In 1915, Winston Churchill's political career was nearly destroyed when the Allied fleet failed to force a passage through the Straits of the Dardanelles. For over a century, Churchill has been both praised and condemned for his role in launching this highly controversial naval campaign. For some, the Dardanelles offensive was a brilliant concept that might have dramatically shortened the First World War. To many others, however, Churchill was a reckless amateur who drove his unwilling and misinformed colleagues into a venture that was doomed to fail.
Churchill and the Dardanelles, based on exhaustive archival research, provides a detailed and authoritative account of the Gallipoli campaign's origins and execution, stripping away the layers of myth that have long surrounded these dramatic events, and showing that no simple verdict is either possible or fair. Naval historian Christopher M. Bell untangles Churchill's complicated relationship with the dynamic First Sea Lord, Admiral Jacky Fisher, and reveals for the first time the behind-the-scenes machinations that led to Churchill's removal from office as First Lord of the Admiralty - including Fisher's covert campaign to undermine support for the Dardanelles operation, and the leaks by figures in high places that fueled a bitter press campaign to drive Churchill from power.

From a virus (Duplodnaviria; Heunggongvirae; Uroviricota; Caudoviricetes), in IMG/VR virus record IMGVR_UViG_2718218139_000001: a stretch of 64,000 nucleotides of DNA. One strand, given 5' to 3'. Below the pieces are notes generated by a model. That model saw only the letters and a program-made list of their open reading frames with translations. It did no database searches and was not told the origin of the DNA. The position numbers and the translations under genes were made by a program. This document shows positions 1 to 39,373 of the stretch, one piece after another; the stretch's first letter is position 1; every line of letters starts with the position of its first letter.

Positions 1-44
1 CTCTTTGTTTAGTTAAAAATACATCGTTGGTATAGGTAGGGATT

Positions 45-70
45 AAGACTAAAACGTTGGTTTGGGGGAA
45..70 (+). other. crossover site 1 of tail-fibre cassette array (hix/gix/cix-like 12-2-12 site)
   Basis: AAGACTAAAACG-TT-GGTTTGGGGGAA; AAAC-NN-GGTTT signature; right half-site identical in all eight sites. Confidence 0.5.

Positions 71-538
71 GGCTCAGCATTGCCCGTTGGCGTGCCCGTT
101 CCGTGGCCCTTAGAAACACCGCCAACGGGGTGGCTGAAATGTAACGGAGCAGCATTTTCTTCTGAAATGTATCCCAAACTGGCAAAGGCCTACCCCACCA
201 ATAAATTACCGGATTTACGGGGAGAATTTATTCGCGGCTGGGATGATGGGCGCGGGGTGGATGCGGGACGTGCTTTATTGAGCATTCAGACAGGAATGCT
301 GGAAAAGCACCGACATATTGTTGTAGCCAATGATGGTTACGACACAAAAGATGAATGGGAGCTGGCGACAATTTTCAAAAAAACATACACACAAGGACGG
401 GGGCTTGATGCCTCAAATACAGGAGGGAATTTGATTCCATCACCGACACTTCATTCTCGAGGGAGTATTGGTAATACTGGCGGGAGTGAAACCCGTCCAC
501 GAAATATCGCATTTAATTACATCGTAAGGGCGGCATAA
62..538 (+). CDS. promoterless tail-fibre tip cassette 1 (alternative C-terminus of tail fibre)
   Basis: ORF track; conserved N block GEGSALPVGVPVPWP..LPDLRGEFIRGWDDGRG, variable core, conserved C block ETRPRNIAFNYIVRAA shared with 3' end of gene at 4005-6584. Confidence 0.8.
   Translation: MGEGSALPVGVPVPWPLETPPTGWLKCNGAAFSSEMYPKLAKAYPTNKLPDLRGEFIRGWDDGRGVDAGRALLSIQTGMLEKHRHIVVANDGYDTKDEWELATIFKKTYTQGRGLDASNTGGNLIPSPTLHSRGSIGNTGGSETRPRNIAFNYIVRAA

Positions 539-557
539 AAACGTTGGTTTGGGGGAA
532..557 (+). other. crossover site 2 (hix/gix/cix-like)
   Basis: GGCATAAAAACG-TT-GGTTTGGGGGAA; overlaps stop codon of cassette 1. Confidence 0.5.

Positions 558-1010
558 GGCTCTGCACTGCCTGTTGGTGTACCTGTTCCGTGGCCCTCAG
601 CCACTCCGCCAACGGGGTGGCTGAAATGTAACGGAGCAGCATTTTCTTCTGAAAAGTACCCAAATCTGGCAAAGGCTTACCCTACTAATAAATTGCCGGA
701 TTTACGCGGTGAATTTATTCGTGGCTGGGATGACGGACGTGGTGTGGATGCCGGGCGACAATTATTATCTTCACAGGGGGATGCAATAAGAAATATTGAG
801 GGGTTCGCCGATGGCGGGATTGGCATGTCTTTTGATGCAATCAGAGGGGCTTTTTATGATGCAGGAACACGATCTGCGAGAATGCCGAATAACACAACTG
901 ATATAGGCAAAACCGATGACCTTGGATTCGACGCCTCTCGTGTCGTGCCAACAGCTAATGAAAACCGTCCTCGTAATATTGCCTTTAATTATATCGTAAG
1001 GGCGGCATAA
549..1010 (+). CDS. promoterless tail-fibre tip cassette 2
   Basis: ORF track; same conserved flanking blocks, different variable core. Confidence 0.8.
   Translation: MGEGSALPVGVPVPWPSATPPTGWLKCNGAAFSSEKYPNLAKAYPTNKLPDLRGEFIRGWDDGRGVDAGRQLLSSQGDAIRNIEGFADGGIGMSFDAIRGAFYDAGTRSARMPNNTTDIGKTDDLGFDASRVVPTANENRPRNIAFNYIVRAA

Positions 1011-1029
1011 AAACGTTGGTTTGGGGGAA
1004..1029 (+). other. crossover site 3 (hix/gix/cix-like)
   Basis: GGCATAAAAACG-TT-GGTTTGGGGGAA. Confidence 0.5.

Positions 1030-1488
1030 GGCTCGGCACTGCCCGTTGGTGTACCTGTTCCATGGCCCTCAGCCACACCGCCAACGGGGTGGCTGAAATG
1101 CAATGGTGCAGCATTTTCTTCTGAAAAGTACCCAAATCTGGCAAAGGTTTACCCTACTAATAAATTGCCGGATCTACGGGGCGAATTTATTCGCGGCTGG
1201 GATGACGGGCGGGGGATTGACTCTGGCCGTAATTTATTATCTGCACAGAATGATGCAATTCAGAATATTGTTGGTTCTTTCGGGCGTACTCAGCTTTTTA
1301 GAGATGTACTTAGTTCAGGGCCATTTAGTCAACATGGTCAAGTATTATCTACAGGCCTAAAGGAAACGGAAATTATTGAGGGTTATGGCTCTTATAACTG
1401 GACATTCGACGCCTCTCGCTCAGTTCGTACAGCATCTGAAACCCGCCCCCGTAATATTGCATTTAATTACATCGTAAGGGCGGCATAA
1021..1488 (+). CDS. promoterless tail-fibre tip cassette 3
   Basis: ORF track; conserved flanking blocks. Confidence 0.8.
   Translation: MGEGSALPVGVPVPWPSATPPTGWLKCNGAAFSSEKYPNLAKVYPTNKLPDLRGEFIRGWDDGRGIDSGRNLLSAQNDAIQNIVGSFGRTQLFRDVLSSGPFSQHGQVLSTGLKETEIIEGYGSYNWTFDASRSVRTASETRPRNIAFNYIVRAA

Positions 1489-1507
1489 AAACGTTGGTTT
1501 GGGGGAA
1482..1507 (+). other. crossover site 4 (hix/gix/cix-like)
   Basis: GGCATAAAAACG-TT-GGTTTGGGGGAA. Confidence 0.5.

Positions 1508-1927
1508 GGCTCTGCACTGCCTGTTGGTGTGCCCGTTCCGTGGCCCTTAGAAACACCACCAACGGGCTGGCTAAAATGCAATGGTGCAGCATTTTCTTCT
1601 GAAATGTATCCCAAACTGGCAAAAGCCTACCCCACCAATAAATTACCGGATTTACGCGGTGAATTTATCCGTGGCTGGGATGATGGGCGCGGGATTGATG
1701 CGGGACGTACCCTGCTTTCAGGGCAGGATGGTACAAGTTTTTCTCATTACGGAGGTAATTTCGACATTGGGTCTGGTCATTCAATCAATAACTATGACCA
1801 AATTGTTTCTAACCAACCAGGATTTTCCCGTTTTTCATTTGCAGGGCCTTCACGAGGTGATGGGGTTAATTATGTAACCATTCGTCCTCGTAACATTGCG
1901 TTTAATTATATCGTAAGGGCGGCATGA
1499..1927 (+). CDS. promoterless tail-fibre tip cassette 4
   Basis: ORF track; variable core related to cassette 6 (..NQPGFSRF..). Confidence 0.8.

Attention is also given to Churchill's reaction to the results of the Dardanelles offensive in the years that followed: as Bell shows, Churchill spent a good deal of time trying to refute his critics and convince the wider public that the campaign had in fact nearly succeeded. These efforts were so successful that they transformed how the Dardanelles offensive was regarded in popular memory and ensured that is legacy did not stand in the way of Churchill becoming Prime Minister in May 1940. Now, with the aid of archival research, Christopher M. Bell presents a fresh account of how this transformation came to pass.